What Goes Up Must Come Down

Despite all the fun I've had climbing these past few weeks, I've known full well the risk I've been taking bouldering with an injury that hasn't completely healed. It makes me want to just fucking explode, but, predictably, I re-injured my finger this past weekend whilst pulling on some risky holds. I might have even made it worse than it was initially. Why even blog about this? I guess it's sort of like writing a journal and showing it to everyone despite how annoying and embarrassing it can sometimes be. Perhaps someone will find some insight in the course of events that led me to disregard my own gut instincts and 'go for it', as it were, until something failed. What failed, predictably, was the weakest link:  my healing-but-not-yet-healed collateral ligament.

Over the past month, I was pretty keen on getting back into climbing as my finger injury seemed to be healing well. In fact, it was feeling positively great. Some light use of it seemed beneficial and of course as time went on, I began to try harder and harder, always with the idea that I would back off if it seemed like too much. Well, that chance is not always offered in this life. I had plenty of warning: soreness while climbing, especially on a certain crimpy problem that I should have avoided like plague. To make matters even more ridiculous, I had already done a 'higher' standing start and wanted to do a sit start that added one move. It already was making my finger hurt. Before the ill-fated attempt, I sat in the sun, chalked up and listened as my inner dialogue warned me strongly against what I was about to do. I had a very clear sense that my body was telling me almost verbally to back off and keep sitting in the sun instead of climbing. It being impossible to learn from past mistakes (three of them up to that point, now four; all identical), I of course scoffed at what turned out to be a rather prophetic warning. I pulled onto the rock and climbed the problem. I tried to avoid using my bad finger on the worst of the holds, but clearly failed to do so. As I pulled onto a stance before the 30 foot slab topout, I realized something didn't seem right. Fuck. As I pulled onto the top of the boulder I knew without a doubt that something was very wrong. Double fuck.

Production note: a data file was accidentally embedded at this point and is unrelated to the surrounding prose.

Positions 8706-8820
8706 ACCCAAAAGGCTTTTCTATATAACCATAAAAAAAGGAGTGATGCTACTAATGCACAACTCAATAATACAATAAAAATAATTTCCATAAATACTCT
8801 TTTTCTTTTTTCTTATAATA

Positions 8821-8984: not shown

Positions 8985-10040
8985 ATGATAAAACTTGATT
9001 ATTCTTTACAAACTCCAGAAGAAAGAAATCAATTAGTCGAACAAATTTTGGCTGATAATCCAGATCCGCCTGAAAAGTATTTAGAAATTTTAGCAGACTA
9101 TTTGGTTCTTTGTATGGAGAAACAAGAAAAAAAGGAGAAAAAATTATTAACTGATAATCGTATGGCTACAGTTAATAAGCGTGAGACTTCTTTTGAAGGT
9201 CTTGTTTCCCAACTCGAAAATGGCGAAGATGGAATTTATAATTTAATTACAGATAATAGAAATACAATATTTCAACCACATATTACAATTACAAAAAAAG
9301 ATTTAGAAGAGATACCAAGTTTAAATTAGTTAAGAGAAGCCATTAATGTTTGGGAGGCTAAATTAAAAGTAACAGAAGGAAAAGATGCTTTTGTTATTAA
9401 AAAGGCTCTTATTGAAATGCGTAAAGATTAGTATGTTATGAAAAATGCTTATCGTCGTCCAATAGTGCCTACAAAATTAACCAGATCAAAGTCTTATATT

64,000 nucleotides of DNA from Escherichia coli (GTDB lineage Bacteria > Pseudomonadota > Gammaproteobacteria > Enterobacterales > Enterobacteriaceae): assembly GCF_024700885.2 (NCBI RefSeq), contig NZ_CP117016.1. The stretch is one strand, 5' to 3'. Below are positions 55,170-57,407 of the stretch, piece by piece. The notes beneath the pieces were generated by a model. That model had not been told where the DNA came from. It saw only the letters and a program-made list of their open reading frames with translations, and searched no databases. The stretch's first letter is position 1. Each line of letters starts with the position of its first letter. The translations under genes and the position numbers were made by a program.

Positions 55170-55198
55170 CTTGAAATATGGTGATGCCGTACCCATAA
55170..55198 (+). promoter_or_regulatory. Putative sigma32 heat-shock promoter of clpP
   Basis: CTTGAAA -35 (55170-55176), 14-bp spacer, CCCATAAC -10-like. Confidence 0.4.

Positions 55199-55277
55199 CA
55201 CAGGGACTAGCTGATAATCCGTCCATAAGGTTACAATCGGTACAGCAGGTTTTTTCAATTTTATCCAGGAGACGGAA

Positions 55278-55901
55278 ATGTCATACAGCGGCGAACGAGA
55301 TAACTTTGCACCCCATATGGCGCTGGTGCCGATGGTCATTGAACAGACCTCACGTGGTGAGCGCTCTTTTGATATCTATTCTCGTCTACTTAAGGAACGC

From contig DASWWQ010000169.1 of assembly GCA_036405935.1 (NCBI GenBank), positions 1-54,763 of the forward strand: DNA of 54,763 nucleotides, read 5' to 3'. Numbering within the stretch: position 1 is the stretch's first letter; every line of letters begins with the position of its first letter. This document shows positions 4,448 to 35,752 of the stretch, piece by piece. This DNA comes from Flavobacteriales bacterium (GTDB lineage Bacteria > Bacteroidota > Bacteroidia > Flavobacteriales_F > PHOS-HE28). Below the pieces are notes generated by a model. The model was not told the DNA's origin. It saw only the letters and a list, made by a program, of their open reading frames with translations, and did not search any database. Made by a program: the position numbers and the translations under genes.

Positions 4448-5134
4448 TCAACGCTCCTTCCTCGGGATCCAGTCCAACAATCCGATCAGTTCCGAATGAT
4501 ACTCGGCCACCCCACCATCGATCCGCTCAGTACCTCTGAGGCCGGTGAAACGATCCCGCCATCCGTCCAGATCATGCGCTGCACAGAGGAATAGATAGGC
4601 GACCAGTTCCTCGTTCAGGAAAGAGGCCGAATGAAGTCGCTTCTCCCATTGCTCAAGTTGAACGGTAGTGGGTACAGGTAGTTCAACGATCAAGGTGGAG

Conclusions? If I'm lucky I'll have them from the doctor in about 10 hours. I have a terrible premonition about what might be amiss but I will wait for the X-ray to hopefully prove me wrong. The moral of this story is so annoyingly simple that I probably don't even need to type the relevant cliches. But hey, why not?